Nearly $1 Billion Needed To Modernize Rural Sanitation Systems

Members of the Legislative Bush Caucus were told last week in a “Lunch and Learn” session on rural sanitation almost a billion dollars is needed to build, replace, and maintain rural sanitation systems. But, the gap between the level of need and funding is widening.

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State and tribal representatives told members of the Bush Caucus it would take about $900 million to do what’s needed to bring modern sanitation to all Alaskans.

Last year the state put about $9 million and federal agencies put $51 million toward rural sanitation in Alaska. The combined $60 million is less than half of allocations 10 years ago.

David Beveridge, the director of project management at the Alaska Native Tribal Health Consortium, or ANTHC, says Alaska is competing with other states for its share of a shrinking pool of federal funding.

“If you look through the village safe water program, it gets matched with federal dollars on a 25-75 percent ratio,” Beveridge said. “So for any 25 dollars the federal government will kick in the 75 dollars. So that’s been a big component of the funding in Alaska and that’s gone down.”

The issue is one of public health, according to Bill Griffith, the Facility Program Manager for Village Safe Water with the Alaska Department of Environmental Conservation. He told Legislators recent studies show Alaskans without clean water and flush toilets experience dramatically higher rates of hospitalization for respiratory diseases such as pneumonia.

“Those rates were anywhere from 5 times greater to 11 times greater in villages in Alaska with less than 10 percent of homes served,” Griffith said.

And Griffith says, a significant number of Alaskan communities are un-served or under-served.

“There’s about 30 villages around the state that don’t have running water and sewer to any homes, coupled with about a dozen or so communities that have what we call small haul systems where they use trailers to bring water to homes and then they use different trailers to pick up sewage,” he said.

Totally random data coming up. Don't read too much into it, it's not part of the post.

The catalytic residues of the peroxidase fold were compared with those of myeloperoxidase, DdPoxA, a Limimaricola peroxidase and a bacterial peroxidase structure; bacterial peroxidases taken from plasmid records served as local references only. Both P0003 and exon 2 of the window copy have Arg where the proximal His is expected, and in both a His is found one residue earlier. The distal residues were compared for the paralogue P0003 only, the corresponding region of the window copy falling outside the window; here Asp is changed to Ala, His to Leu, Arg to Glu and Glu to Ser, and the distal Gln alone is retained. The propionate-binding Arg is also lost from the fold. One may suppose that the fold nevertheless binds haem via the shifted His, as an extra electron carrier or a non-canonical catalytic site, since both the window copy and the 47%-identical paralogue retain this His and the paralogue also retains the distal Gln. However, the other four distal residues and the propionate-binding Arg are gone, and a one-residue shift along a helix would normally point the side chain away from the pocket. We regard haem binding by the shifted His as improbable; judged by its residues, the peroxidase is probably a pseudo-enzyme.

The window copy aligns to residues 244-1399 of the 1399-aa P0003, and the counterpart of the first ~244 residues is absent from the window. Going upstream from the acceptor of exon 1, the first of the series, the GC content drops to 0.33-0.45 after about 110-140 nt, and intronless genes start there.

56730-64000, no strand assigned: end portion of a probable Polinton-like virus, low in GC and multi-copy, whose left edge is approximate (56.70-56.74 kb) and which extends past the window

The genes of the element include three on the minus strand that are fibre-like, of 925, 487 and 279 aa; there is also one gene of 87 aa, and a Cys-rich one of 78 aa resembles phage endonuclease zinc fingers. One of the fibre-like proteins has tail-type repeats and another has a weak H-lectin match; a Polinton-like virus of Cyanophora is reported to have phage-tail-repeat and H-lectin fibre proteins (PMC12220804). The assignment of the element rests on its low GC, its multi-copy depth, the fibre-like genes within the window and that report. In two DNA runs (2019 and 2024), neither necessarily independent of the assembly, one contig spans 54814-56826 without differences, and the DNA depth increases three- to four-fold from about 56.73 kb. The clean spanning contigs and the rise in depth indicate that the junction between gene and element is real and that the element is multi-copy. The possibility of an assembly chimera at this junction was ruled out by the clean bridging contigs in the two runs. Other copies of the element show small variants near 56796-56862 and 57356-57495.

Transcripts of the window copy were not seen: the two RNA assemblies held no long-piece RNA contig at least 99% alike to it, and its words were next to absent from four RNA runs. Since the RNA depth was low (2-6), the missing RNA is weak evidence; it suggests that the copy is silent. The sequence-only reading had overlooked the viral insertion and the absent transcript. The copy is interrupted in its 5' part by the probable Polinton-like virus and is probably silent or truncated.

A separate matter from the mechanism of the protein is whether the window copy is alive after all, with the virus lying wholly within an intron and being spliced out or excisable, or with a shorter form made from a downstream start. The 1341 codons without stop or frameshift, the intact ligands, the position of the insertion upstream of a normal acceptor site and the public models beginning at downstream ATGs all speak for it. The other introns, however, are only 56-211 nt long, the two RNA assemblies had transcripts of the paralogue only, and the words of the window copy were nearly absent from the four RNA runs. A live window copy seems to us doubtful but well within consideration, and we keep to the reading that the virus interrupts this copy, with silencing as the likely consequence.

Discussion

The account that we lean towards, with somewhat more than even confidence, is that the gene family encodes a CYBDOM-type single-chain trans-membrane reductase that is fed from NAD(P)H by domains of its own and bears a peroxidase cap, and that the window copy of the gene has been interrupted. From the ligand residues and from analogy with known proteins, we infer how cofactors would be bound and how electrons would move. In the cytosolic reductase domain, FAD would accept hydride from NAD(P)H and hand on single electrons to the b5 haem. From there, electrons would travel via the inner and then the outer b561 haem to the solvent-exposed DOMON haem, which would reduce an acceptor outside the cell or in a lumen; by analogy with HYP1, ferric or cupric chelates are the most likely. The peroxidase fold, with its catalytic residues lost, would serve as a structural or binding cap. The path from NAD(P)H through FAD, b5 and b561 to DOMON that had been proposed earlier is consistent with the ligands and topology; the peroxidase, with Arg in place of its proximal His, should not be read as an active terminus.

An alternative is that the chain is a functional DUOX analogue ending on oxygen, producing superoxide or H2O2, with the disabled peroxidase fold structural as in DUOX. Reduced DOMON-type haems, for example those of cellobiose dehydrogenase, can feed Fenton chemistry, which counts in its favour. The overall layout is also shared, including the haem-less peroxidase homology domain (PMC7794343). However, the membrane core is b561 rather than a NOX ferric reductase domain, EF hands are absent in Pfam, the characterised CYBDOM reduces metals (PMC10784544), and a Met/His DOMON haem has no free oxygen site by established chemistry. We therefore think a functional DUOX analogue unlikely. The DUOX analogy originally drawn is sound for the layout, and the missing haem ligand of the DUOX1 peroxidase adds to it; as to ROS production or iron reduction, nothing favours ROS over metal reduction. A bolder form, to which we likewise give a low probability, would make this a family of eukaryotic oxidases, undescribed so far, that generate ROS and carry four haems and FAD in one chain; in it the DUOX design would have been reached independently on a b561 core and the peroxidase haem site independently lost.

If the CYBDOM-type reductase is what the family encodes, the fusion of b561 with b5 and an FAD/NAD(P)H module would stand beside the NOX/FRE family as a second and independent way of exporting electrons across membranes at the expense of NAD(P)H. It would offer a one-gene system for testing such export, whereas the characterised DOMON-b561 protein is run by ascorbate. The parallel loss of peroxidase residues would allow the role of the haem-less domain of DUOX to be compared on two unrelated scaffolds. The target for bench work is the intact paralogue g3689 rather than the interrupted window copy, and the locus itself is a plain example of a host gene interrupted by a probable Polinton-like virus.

Climate change is adding to the magnitude of the issue.

“We’re at Noatak right now where part of the ground under the water plant is frozen and part of it is becoming unfrozen,” Gavin Dixon, who manages a Rural Energy Initiative for ANTHC, said. “There’s 15-inches of differential in the facility. So the building is cracking, and falling apart. So it’s an issue that’s happening now and it’s happening in a lot of different communities.”

Dixon says energy audits show that investments of an average of $80,000 per community for little fixes would return much more in energy cost savings in just four or five years. He says those savings in energy costs would boost local economies and cut state spending for power cost equalization subsidies.

Rep. Neal Foster, of Nome, says improving rural sanitation would boost the state’s economy. And he says Legislators would create an uproar if they experienced the same conditions.

“Boy, if we ever took every toilet out of this building, you know it would be a revolution we wouldn’t stand for, people, essentially living in a third-world type situation,” Foster said. “So I think it’s something that needs to be made a priority. I think that we have to bring people at the lowest rungs up before we can move forward as a state.”

Agencies and tribes are collaborating to improve operator training and reduce operation costs. And they working with the private sector to create innovative designs well suited to Arctic conditions.